Live Reviews - Reviews

Ben Howard @ 3Arena, Dublin


Returning to Dublin after four months on from two-night run at the Olympia, Ben Howard’s sold-out performance at 3Arena would normally indicate momentous progress for a second-album tour. October 2014’s I Forget Where We Were marked a piquant shift toward the sultrier side of Howard’s folk bearings and has captured coveted spots on charts the world over, including number 1 in the singer’s own UK. And yet, as a set list for an arena tour, Howard’s new material simply falls short.

The packed crowds of Dublin’s stunning 3Arena broke into wild applause as the house dimmed to welcome Howard’s humble entrance with his five band mates.  Each clad in simple black garb, they tacitly took their places onstage without a word and began a six-song foray into material strictly from the new album.  Meanwhile, debut LP, Every Kingdom, which iconicised Howard’s sound, was put on pause.  Compared to the first LP, the music of this most recent venture incorporates qualities of synth, lets the acoustic find its electric counterpart, and paints a moody alt-rock visage over indie-folk roots.

Yet these changes are not the sound Howard’s fans fell in love with.  Important though it is for performers to explore depths and capacities for different styles, this performer left his audience feeling restless and agitated who at the start were eager and ripe for the taking.  Loyal followers of the charmingly demure folk artist were kept in anxious anticipation before all feelings of familiarity were unleashed on 2011 single ‘Keep Your Head Up’, with a steady lyrical chant emanating from every corner of the house.  The mid-show number proved a striking glimpse of what the crowd was craving.  Yet the jolt to the system delivered by this older track was quickly abandoned yet again by the concert agenda in favour of new and far less exciting material, heavily compensated by a severe over-saturation of light and visual works that out-performed the performer. In contrast, the folk-centred tracks of old featured tech displays far less indulgent, letting the music sing for itself.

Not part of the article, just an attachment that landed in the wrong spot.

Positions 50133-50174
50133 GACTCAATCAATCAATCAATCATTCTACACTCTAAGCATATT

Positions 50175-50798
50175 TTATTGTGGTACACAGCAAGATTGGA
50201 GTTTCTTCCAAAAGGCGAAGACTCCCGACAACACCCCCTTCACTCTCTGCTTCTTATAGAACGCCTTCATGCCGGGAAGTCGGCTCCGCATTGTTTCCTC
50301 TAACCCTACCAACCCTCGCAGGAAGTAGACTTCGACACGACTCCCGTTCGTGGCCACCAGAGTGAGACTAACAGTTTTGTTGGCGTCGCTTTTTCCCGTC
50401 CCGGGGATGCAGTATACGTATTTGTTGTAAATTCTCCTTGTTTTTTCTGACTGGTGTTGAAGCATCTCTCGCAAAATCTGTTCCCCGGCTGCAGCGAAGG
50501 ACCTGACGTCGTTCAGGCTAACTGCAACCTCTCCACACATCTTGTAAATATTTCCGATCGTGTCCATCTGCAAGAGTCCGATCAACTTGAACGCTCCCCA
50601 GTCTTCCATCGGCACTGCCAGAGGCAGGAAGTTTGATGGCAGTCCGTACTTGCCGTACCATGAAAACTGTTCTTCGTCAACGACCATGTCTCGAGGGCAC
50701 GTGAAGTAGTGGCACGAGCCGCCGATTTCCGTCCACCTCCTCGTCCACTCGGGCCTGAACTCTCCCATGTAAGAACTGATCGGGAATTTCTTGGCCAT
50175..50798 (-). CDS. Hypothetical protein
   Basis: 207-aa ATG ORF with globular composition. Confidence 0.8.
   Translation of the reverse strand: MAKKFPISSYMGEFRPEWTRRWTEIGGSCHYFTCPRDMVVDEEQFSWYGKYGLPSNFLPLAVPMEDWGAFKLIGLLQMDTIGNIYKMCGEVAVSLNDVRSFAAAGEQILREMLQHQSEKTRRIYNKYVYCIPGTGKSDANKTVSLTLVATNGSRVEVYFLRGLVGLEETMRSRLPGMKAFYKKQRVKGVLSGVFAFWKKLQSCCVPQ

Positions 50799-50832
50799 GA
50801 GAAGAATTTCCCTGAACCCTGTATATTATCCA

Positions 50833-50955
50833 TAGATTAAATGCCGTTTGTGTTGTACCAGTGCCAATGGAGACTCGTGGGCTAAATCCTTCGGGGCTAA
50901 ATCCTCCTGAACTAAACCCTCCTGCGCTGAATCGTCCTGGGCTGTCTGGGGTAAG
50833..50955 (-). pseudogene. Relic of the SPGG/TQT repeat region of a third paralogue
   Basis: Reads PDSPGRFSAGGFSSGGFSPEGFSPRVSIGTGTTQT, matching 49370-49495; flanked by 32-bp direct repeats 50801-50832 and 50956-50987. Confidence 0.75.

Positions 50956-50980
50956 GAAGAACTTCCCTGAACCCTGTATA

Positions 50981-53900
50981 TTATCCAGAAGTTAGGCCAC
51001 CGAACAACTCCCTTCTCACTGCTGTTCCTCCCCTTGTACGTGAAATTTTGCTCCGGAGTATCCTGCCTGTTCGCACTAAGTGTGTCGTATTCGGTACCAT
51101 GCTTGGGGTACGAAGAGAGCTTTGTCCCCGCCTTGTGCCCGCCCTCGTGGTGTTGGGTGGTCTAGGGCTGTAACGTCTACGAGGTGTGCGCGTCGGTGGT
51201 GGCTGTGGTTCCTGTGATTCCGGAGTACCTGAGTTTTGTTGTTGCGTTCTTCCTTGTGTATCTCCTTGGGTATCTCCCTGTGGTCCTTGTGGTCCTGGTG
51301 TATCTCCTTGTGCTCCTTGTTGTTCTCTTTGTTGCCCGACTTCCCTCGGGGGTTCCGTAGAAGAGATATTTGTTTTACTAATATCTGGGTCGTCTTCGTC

Naturally, artists are often excited to show fans the results of their latest labours, even when those fans are at first lest willing.  Howard’s problem in this fresh presentation is that he simply didn’t seem excited, at least not enough the fill the space of an arena.  In a house filled with nearly 15,000 spectators, he played through a newly forged set list with an enthusiasm which did little to transcend row 10.  His coy shyness befitting the softer tones of Every Kingdom‘s melodies didn’t make the cut on I Forget Where We Were‘s mood-imbued, soundboard-assisted arrangements.  Not only did the music outstrip his persona, light displays unique to each number drowned his stage presence, too.  House banter between numbers was utterly non-existent, save the repeated, “Thank you Dublin,” and it wasn’t until encore and show-stopper, ‘Old Pine’, that Howard loosened up and relieved the house of what, ‘til then, was a rather still and robotic performance.  The solo-acoustic track featured a striking projection of the lone Howard that allowed his shy nature to soar, and even a joke about drinking Guinness in Dublin found its way into the smiling singer’s set.

Unfortunately, the number arrived too late.  Though the song elevated Howard and fans to new levels of thrill left dull until this point in the show, its place in an already ambiguous encore prompted many to depart before the next track.  What should have been a galvanising opener somehow got buried in the show’s epilogue, instead.  Perhaps Howard’s upcoming showcase this festival season will take lessons from the letdown of this arena demonstration, but somehow it feels as if the molding hands of others have been placed on a formula that was already working.  Where Howard takes his next work will prove a move worth noting. Joe Madsen